www.soc.hawaii.edu/leonj/leonj/leonpsy26/g26-ftp.htm

Along with your report files you must also create a Home Page which contains links to all your reports. Also, all your Reports must have a link back to your Home Page and to the Class Home Page. Points will be deducted unless you have your Home Page and all links work properly. The Home page and all your reports, including all the links, can be created in your word processor and saved as a Web page before uploading to the server. Do not upload .doc files without first saving them as a Web Page. If you do so by mistake, delete it from your folder on the server.

Week 2: special readings -- see 459 Schedule of Oral Presentations at:
           
www.soc.hawaii.edu/leonj/leonj/leonpsy26/459-g26-present.htm


Summary: (the due dates are given further below and in the Oral Presentation Schedule)

For Report 1 select 4 of the 9 questions from week 3 and 4 from week 4 (8 in all).
For Report 2 select 4 of the 9 questions from week 5 and 6 from week 4 (8 in all).
For Report 3 select 4 of the 9 questions from week 7 and 8 from week 4 (8 in all).
For Report 4 select 4 of the 9 questions from week 9 and 10 from week 4 (8 in all).
For Report 5 select 3 of the 9 questions from week 11, 3 from week 13, and 3 from week 14  (9 in all).


Week 3 Readings: Section 1.0 to 1.0.1.2.1

3.1.
(a) Describe your educational experience regarding the positive and negative bias in science.
(b) Describe your reaction to what this week's readings say about science education.

3.2.
(a) Describe your reaction to discovering that you are a dual citizen.
(b) Is this difficult for you to go along with as part of the positive bias in science?
(c) Describe the reaction of your friends or family with whom you discussed the course.

3.3.
(a) Give a description of the anatomy of a human being viewed in the positive bias in science as a dual citizen.
(b) How is this anatomy different from the anatomy you learned before?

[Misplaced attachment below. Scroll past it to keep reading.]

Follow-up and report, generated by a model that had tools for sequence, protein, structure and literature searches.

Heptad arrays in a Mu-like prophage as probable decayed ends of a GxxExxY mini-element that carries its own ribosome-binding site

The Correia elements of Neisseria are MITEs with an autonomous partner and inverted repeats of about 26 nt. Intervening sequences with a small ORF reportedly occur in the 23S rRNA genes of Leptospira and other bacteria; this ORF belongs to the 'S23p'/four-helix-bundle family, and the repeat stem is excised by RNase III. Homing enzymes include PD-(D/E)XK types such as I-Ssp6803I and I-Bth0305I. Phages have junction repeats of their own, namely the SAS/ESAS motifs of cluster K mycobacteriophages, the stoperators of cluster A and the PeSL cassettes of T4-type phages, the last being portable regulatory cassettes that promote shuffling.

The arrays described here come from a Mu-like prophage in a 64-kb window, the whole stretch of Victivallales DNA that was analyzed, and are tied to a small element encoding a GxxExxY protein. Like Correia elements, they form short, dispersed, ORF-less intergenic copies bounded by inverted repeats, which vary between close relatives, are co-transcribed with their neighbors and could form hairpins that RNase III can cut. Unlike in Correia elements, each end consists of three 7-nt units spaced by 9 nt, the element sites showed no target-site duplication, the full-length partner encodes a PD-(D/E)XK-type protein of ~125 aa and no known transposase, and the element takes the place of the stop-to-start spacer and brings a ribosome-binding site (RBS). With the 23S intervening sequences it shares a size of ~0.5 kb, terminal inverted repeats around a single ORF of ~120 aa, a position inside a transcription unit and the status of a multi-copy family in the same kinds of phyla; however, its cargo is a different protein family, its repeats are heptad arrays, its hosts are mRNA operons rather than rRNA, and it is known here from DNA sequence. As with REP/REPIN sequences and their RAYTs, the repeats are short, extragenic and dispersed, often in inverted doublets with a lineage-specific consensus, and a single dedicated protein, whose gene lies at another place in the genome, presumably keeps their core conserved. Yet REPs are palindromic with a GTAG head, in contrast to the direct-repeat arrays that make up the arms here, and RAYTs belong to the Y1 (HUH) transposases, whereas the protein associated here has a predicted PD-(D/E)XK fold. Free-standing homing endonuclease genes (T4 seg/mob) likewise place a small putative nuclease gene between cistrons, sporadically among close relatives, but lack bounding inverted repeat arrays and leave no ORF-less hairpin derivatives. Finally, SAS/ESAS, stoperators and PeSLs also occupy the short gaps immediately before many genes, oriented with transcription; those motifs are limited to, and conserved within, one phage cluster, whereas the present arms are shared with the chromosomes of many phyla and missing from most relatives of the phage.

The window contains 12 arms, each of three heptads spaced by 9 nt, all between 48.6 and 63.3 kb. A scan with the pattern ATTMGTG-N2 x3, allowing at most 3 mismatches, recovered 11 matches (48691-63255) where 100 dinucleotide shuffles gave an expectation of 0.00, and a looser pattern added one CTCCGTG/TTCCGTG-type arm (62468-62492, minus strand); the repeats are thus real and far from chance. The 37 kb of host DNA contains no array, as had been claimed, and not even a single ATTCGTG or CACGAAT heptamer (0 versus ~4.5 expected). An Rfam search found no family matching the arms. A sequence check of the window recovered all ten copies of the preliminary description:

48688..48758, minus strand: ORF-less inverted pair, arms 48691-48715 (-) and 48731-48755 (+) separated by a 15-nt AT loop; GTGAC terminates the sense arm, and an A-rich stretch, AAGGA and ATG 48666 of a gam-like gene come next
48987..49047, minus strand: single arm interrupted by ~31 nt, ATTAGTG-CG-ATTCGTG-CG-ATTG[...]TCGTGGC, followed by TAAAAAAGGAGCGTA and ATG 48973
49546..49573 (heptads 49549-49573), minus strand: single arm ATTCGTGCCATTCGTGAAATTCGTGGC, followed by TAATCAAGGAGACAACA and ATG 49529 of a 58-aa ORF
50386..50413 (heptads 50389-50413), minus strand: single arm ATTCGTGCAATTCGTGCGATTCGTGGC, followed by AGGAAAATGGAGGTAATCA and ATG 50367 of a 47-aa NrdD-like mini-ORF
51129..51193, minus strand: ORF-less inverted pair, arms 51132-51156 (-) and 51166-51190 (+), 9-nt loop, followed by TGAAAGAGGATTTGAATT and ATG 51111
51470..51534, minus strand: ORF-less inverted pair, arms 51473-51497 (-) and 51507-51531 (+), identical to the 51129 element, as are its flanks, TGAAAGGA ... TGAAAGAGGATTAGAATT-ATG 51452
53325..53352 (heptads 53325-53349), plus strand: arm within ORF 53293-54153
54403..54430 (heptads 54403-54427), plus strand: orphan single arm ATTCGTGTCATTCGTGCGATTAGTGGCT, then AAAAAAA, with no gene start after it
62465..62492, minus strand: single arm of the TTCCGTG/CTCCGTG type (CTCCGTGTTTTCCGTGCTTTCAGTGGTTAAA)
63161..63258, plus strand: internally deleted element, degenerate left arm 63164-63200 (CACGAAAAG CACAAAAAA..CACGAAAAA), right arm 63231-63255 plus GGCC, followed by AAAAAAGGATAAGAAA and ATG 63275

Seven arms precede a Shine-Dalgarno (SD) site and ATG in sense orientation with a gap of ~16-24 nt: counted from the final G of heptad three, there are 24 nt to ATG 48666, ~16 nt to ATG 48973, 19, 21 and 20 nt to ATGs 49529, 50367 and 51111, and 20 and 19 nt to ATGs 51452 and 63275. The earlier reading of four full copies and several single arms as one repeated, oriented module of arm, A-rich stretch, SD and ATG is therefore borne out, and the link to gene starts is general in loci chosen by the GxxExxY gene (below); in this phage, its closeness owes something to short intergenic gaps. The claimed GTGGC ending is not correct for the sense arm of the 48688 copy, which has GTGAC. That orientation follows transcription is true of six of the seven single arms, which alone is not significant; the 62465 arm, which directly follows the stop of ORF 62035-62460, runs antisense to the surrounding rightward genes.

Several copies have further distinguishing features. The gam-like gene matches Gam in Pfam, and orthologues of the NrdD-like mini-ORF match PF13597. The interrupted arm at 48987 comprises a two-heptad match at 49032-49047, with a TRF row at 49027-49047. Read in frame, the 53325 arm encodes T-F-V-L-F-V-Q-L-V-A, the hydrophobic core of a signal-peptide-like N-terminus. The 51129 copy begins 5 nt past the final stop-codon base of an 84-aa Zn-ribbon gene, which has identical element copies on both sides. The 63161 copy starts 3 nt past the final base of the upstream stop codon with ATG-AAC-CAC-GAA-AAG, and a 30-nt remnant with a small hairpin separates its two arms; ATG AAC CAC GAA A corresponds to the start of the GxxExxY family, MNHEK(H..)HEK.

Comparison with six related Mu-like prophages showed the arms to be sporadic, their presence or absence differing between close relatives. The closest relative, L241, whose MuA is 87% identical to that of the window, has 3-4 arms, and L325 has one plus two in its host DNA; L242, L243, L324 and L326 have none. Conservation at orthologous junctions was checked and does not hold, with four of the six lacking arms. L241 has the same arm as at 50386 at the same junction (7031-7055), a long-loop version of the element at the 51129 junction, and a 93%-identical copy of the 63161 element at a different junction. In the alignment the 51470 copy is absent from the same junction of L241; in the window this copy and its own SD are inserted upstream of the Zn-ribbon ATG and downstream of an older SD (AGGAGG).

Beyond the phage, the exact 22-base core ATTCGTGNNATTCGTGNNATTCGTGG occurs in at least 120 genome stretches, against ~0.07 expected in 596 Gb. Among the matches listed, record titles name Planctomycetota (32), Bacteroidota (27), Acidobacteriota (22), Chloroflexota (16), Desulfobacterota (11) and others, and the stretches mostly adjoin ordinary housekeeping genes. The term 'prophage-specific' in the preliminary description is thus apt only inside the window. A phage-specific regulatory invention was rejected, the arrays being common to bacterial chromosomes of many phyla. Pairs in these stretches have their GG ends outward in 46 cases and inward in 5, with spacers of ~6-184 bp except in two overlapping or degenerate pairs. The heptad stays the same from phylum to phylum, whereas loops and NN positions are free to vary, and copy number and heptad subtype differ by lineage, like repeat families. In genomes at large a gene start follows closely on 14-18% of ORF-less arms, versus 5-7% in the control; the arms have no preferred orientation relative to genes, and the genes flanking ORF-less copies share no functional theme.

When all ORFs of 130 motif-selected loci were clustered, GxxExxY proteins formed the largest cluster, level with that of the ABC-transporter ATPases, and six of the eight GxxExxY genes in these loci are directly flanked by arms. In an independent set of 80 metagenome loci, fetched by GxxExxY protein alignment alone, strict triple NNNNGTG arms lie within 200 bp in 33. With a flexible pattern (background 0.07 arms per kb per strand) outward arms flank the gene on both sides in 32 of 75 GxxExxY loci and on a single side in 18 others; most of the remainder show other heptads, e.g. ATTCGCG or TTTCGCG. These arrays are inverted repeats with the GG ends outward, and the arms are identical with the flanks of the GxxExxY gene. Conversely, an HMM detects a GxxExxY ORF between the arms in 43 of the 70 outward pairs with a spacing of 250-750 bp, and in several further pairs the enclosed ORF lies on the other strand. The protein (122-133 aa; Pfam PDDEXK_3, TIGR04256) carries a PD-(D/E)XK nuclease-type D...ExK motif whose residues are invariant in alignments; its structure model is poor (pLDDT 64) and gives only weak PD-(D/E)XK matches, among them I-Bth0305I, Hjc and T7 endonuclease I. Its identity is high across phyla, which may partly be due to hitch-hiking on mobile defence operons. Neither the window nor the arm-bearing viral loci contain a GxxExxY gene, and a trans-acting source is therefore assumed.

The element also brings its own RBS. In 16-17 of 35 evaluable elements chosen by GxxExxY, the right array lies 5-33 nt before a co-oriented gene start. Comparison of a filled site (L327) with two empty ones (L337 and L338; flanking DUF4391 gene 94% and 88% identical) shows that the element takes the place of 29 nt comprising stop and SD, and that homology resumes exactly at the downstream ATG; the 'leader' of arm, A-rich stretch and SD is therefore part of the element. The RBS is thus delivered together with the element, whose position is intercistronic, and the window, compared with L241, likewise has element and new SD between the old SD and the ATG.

(c) Describe your reaction to this new knowledge.

3.4.
(a) Explain the idea that there is only one mental world in the human race.
(b) How was this proven by Swedenborg?
(c) What are the potential consequences of this discovery for you and society once it becomes known?

3.5.
(a) What does it mean that we are "born into eternity"?
(b) How does this relate to God and the afterlife?
(c) How does it relate to the anatomy of our mental world?

3.6.
(a) Describe the correspondential relationship between the physical body and the mental body.
(b) How do they work together?
(c) How do you react to learning these facts about yourself?

3.7.
(a) Explain the relationship between Divine Speech and human minds. You'll need to include the concepts of "Spiritual Sun" and "spiritual substances."
(b) How do your friends react to the existence of a Spiritual Sun in eternity?

3.8.
(a) Explain the answer to "Where are you?" as viewed from the perspective of "substantive dualism."
(b) Try to teach this idea to your friends. What success did you have?

3.9.
(a) How would you prove that you are immortal? Think about it by reflecting on the new concepts in this week's readings. Make a list. Be sure you can define them to your own rational comprehension.